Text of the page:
MorphoSys, Xencor announce final results from MOR208 Phase 1/2a trial in patients with CLL/SLL

MorphoSys AG and Xencor Inc. today announced the publication of final results of a Phase 1/2a trial evaluating MOR208 (formerly XmAb5574) in patients with relapsed or refractory chronic lymphocytic leukemia/small lymphocytic leukemia (CLL/SLL). [More]
Novel treatments show safe responses in patients with relapsed, treatment-resistant blood cancers

Novel treatments show safe responses in patients with relapsed, treatment-resistant blood cancers

Novel treatments that harness the body's own immune cells to attack cancer cells demonstrate safe and durable responses in patients with relapsed and treatment-resistant blood cancers, according to data presented today at the 56th American Society of Hematology Annual Meeting and Exposition. [More]
Three IU researchers receive $2.1 million to develop computational biology models of liver toxicity

Three IU researchers receive $2.1 million to develop computational biology models of liver toxicity

Three Indiana University professors have received $2.1 million to develop a computational model of acetaminophen-induced liver failure -- the leading cause of liver failure in the United States -- by using advanced microscopic and computational technologies that allow scientists to see into the liver of a living animal. [More]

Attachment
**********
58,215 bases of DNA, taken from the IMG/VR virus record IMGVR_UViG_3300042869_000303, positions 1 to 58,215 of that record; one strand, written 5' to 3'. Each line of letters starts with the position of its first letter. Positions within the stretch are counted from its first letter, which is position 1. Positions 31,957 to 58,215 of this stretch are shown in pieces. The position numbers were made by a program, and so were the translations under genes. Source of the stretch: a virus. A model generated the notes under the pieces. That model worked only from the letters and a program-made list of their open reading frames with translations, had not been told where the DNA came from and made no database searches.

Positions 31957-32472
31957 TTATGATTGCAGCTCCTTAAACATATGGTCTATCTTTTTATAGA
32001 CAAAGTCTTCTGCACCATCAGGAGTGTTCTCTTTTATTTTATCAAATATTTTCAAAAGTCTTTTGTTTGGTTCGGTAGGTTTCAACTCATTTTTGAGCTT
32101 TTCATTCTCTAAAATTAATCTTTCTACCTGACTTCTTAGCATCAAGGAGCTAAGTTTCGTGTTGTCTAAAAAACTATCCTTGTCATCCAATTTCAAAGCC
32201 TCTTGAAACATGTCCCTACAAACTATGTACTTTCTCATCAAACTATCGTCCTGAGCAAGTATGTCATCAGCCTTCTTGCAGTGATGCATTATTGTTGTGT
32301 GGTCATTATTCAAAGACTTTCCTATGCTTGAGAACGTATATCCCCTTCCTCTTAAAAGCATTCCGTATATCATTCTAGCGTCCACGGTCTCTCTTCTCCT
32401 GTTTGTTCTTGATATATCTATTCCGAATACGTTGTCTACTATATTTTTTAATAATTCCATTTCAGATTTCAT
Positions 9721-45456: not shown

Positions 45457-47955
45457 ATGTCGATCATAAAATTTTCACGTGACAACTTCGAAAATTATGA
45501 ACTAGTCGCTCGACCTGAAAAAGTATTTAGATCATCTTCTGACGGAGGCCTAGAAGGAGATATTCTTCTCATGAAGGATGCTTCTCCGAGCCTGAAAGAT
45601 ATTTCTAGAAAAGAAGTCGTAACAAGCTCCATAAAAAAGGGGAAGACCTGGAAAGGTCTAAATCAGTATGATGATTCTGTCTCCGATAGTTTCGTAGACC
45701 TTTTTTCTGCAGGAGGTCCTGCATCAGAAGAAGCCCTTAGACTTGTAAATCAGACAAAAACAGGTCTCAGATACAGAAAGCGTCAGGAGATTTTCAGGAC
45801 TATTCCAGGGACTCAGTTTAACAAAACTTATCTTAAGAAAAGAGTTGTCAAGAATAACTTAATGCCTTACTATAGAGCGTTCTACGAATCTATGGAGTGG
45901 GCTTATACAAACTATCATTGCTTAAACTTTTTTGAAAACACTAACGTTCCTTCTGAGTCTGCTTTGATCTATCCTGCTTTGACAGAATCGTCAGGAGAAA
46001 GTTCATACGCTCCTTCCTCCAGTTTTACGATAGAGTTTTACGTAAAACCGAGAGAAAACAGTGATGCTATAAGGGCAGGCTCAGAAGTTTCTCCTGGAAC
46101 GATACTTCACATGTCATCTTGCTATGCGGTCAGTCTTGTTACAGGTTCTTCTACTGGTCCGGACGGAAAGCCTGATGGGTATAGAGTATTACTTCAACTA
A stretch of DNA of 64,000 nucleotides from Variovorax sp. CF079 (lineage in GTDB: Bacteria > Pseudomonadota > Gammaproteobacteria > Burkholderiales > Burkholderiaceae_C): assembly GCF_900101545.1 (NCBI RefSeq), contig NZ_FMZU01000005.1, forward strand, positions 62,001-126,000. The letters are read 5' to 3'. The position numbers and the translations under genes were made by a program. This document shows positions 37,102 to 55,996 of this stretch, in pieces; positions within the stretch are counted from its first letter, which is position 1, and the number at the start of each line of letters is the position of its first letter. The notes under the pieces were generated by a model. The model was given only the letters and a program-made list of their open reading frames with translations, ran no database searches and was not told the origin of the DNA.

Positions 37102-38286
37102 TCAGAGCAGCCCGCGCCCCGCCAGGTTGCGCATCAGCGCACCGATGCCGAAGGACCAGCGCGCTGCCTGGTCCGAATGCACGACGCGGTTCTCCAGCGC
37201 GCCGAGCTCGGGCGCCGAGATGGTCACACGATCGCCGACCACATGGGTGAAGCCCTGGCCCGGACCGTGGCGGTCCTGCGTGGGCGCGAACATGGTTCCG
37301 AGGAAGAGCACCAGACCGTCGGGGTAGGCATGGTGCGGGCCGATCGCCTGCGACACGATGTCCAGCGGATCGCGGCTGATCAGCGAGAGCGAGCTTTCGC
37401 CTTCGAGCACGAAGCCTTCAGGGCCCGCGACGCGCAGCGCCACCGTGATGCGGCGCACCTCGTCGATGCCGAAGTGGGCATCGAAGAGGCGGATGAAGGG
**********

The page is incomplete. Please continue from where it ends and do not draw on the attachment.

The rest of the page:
Mylan gets tentative approval from FDA for two pediatric dosages of abacavir/lamivudine tablets

Mylan gets tentative approval from FDA for two pediatric dosages of abacavir/lamivudine tablets

Mylan Inc. today announced that its subsidiary Mylan Laboratories Limited has received tentative approval from the U.S. Food and Drug Administration for its New Drug Applications (NDAs) for two dosages of abacavir/lamivudine tablets for oral suspension for the treatment of HIV-1 infection in pediatric patients. [More]
Researchers publish first comprehensive characterization of genetic diversity in Sub-Saharan Africa

Researchers publish first comprehensive characterization of genetic diversity in Sub-Saharan Africa

Researchers from the African Genome Variation Project have published the first attempt to comprehensively characterise genetic diversity across Sub-Saharan Africa. The study of the world's most genetically diverse region will provide an invaluable resource for medical researchers and provides insights into population movements over thousands of years of African history. [More]
Many pediatric chest X-rays unnecessary, offer no clinical benefit

Many pediatric chest X-rays unnecessary, offer no clinical benefit

Researchers at Mayo Clinic found that some children are receiving chest X-rays that may be unnecessary and offer no clinical benefit to the patient, according to a study presented today at the annual meeting of the Radiological Society of North America. [More]
Monash University, 60P Australia partner to develop Fenretinide drug for dengue fever

Monash University, 60P Australia partner to develop Fenretinide drug for dengue fever

Monash University and 60P Australia Pty Ltd, a subsidiary of 60° Pharmaceuticals LLC, have announced today an exclusive partnering deal, with 60P obtaining rights to develop the drug Fenretinide for dengue fever. [More]